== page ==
Trichomonas Infection ('trichs')
This tiny parasite can infect the penis, vagina, the tube that carries pee from the bladder, and the prostate gland in men.
Many people don’t have symptoms so it is important to get tested.
It can cause a smelly discharge, itching, pain or a burning feeling when peeing or pain during sex in women.
What is trichomonas infection and how is it caught?
Trichomonas infection is a tiny parasite (you need a microscope to see it).
It's spread through unprotected sex or sharing sex toys.
How can I avoid catching trichomonas infection?
If you're going to have sex, always use a condom (or a dam) and have safer sex.
How can I tell if I have trichomonas?
Around half of people with trichomonas have no symptoms and don't know they're infected but can still pass it on.
If you think you or your partner may be at risk, it's important you get tested.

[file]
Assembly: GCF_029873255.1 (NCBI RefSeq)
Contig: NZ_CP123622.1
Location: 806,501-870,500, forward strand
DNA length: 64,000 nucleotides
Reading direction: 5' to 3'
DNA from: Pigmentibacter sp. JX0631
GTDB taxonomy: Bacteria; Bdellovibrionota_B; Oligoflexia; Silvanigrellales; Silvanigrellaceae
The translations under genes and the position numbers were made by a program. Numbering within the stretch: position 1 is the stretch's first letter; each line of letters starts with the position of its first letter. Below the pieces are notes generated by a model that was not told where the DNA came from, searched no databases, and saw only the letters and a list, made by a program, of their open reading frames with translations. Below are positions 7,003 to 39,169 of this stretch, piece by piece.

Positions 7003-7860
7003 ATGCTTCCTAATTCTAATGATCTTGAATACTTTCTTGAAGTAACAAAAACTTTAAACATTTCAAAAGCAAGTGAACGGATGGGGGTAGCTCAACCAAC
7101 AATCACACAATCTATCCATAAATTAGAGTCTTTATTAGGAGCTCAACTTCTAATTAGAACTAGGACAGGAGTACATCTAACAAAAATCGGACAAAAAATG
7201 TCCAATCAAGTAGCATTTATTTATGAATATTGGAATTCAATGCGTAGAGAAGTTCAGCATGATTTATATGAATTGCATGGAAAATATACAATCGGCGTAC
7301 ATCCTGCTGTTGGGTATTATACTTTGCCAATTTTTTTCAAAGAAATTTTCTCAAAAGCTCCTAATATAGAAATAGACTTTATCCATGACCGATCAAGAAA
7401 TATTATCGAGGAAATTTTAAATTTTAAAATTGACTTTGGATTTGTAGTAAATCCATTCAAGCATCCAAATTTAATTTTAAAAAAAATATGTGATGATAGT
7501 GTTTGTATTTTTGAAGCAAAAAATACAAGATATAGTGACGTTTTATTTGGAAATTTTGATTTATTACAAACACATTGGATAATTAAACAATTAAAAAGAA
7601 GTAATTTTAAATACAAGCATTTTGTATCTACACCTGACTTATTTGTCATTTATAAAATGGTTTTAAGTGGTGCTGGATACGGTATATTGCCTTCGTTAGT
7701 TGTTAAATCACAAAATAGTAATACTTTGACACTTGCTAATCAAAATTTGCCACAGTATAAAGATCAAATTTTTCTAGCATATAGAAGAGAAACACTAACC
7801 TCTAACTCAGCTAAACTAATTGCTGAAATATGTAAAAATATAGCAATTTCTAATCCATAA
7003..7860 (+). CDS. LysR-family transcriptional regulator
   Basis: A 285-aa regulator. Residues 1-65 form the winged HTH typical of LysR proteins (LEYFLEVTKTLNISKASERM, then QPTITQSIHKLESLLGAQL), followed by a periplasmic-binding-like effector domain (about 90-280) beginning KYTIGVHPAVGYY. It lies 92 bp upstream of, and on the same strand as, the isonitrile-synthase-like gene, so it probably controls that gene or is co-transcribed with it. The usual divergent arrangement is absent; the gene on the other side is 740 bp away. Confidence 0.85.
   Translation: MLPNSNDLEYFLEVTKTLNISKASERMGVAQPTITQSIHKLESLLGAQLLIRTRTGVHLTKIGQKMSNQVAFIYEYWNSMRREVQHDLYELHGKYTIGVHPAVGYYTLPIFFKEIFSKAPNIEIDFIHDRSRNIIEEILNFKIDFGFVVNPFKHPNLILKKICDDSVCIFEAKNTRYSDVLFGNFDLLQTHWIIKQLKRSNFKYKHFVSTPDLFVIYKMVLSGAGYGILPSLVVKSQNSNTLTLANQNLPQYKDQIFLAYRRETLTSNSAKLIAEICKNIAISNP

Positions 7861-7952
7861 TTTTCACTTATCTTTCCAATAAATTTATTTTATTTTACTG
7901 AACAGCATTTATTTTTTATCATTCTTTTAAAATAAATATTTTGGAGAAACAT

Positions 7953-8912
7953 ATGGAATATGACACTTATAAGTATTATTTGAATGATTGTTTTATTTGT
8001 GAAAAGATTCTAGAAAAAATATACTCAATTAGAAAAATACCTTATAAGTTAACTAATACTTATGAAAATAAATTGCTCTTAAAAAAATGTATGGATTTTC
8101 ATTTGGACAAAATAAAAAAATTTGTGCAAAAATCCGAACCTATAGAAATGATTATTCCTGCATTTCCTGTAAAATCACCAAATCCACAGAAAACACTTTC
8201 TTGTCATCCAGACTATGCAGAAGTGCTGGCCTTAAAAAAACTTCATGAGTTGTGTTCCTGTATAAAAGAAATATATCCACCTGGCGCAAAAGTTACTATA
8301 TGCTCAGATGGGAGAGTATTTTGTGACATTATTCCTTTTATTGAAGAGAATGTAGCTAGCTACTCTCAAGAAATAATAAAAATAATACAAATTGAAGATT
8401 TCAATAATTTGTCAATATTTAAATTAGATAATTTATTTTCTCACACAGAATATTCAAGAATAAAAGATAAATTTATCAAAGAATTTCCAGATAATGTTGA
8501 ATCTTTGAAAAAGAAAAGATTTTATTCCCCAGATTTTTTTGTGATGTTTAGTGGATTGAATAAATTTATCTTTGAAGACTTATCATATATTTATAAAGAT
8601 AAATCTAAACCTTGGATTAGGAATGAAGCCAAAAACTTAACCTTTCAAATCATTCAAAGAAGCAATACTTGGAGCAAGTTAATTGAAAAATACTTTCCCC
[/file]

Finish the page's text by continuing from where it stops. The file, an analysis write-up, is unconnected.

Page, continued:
Those who do get symptoms may experience a green or yellow fluid coming from the penis or vagina. Sometimes this has a fishy smell.
You might have itching or soreness around your genitals or pain or a burning feeling when peeing.
Women can find sex uncomfortable or even painful.
Testing may involve giving a urine (pee) sample.
If you have a discharge (green or yellow fluid coming from your penis or vagina) the nurse or doctor you see for your test may use a swab to take a sample of it.
Results are usually available within a couple of weeks.
Treatment is usually by taking a single dose of antibiotics, followed by a second test around a week later to make sure it's worked.
You should avoid sex until you've been given the 'all clear'.
If you have a partner, they should be tested and treated at the same time.
To make sure you don't re-infect each other, avoid sex until you both test negative.
Find out more about trichomonas infection
Adults - visit Sexual Health Scotland.
Young people - visit Get the Lowdown.